Several bloggers have already provided reviews of The Gated City by Ryan Avent, including Aaron Renn at The Urbanophile, Rob Pitingol at Greater Greater Washington, and Lloyd Alter at Tree Hugger. I’ve finally had a chance to read it and would thoroughly recommend it.
I often support increased density on the grounds that this is what the market wants. To me, that’s still reason enough to support the repeal of many land use regulations, but Avent offers a vision of density that is perhaps more compelling to more people. Because the division of labor is limited by the size of the market, cities offer many amenities that are not supported in less dense places. The diversity of food, art, shopping, sports, and movies is all much greater in cities than in small towns because larger markets allow for more specialization. Of course taste is subjective; many people prefer the quiet of the suburbs to the chaos of the city. However we can see that currently, many people want to move to cities but are unable to by looking at vacancy and rental rates.
Avent also points out that cities provide a sort of employment “insurance.” He uses the example of a Vietnamese chef losing his job. If the restaurant where he worked is in a large metropolitan area, he will be able to find another job in a Vietnamese restaurant. On the other hand, if he lives in a small town, he will likely have to seek employment in a more generic restaurant where he won’t be able to charge a premium for his specialized skills. This is true for jobs in many industries. If I were to lose my job in economics research, I’d much rather be searching for a new job here in DC than in a state with one think tank, for example.
Avent goes on to discuss the empirical evidence that people are more productive in cities, citing many and varied studies that demonstrate this fact along with the theoretical reasons that cities act as “economic processors.” By artificially restricting the potential supply of housing and office space, land use regulations prevent people from moving to cities, thereby limiting their earning potential. More clearly than any other work I’ve read, The Gated City brings together the research demonstrating that people are more innovative and productive in dense population centers with the harmful impact of zoning laws. Avent acknowledges that density has decreasing returns; at some level of density average worker productivity will begin falling. There is no reason that the market wouldn’t recognize this though, and shift to building out rather than up in a world of free land use.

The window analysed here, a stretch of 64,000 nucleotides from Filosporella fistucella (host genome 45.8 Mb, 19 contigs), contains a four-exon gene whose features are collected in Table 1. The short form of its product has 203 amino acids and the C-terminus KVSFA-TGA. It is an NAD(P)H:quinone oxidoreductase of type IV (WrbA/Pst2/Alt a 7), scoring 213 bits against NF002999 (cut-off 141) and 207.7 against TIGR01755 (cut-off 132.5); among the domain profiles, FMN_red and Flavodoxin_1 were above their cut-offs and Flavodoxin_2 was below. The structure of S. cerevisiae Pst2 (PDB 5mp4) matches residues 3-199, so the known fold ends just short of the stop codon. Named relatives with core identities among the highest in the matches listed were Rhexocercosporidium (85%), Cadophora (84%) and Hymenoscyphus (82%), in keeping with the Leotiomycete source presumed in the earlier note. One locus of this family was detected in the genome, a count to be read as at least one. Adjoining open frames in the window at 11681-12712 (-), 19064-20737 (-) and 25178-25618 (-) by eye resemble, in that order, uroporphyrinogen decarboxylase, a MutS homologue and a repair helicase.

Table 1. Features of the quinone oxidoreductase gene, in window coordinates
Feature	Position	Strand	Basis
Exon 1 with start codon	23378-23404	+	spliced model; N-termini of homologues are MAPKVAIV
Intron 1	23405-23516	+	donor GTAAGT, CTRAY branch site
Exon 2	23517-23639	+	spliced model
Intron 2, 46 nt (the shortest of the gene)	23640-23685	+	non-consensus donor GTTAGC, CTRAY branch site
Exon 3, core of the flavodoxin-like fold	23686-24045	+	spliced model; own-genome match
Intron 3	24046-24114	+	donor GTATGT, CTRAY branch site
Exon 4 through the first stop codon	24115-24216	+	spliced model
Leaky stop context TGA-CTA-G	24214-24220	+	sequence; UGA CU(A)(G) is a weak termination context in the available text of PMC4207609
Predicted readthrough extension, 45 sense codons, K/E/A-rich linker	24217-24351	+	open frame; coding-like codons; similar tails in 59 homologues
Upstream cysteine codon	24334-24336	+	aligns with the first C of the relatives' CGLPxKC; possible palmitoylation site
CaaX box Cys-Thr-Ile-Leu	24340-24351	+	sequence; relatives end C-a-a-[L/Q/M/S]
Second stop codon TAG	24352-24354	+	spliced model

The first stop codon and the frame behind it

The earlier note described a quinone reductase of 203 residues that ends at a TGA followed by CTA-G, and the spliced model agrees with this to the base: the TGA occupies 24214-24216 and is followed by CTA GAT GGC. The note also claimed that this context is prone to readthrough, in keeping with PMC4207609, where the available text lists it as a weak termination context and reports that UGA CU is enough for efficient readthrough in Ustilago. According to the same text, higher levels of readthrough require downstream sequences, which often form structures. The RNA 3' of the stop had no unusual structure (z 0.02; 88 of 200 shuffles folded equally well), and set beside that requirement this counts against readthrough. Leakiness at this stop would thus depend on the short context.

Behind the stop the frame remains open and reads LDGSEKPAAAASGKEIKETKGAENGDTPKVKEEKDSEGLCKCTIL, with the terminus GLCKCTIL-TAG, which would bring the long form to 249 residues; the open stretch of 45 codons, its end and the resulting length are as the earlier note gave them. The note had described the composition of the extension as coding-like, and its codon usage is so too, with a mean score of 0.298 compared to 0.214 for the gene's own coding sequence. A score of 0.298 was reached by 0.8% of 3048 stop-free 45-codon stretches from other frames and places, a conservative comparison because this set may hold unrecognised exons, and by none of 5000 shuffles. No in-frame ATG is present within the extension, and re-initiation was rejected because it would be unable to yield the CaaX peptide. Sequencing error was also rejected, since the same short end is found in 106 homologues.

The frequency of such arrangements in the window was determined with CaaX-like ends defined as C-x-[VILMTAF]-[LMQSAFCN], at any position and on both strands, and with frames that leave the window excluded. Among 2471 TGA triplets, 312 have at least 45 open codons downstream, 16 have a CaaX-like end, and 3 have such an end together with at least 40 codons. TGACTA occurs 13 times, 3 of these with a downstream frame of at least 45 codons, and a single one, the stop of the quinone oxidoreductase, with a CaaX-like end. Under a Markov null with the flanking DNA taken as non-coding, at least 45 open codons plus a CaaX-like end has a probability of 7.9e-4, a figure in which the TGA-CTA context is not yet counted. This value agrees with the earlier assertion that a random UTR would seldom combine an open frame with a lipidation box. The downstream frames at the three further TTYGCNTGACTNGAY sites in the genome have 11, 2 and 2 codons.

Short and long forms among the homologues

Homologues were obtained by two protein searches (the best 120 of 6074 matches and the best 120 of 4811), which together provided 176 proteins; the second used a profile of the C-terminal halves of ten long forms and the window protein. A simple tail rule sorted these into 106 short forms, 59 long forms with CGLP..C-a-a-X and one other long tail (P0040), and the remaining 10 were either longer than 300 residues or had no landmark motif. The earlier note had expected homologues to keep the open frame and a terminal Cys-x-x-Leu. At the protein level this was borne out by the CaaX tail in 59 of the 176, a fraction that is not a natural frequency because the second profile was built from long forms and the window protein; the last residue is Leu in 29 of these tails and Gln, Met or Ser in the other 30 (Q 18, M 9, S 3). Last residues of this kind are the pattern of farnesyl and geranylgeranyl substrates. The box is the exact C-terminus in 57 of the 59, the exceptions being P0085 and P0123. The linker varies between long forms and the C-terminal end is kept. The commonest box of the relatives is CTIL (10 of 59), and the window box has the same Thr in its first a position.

It’s easy and tempting to blame the inefficient land use regime under which we live on urban planners, but Avent points out that often planners want to do the right thing. Using the example of the Brookland neighborhood in Washington, DC, he discusses a case in which the city planning commission wanted to allow for taller buildings and infill development around the Metro station to facilitate transit oriented development. The neighborhood vehemently opposed the change, though, and successfully lobbied to prevent the upzoning. In this case, Avent explains that NIMBYs were able to work together even when they had completely opposite complaints. Some said the new development would allow low-income residents to move into the neighborhood, while others feared that allowing fancy new condos would drive up housing costs and make the neighborhood unaffordable. These NIMBYs with opposing viewpoints managed to overcome their differences and worked together to block the change in any case.
As much as I appreciated Avent’s perspective in The Gated City, the book left me feeling pessimistic. Avent provides several policy recommendations that would make it easier for increased development where it is most needed, but none of them seem politically viable to me. He suggests giving neighborhoods property rights to their land and the land surrounding them so that developers could purchase it to build new projects where they will be valuable. He also suggests taxing density and using the revenue to compensate neighbors or creating a zoning budget so that urban planners faced a hard limit on how much density they could restrict. It just seems that if any of these were possible in the current political landscape, the market pressure for increased density would have led them to be adopted already.
He didn’t quite get to this in the book, but on Econtalk two weeks ago, Avent suggested that perhaps the best way to improve land use policy would be for people to become more tolerant of what other people do on their own land. I would concur and add that a live and let live tolerance could improve all sorts of American policies on issues from gay marriage to drug laws. Unfortunately, I don’t know what tools are available to speed up the societal progression toward tolerance.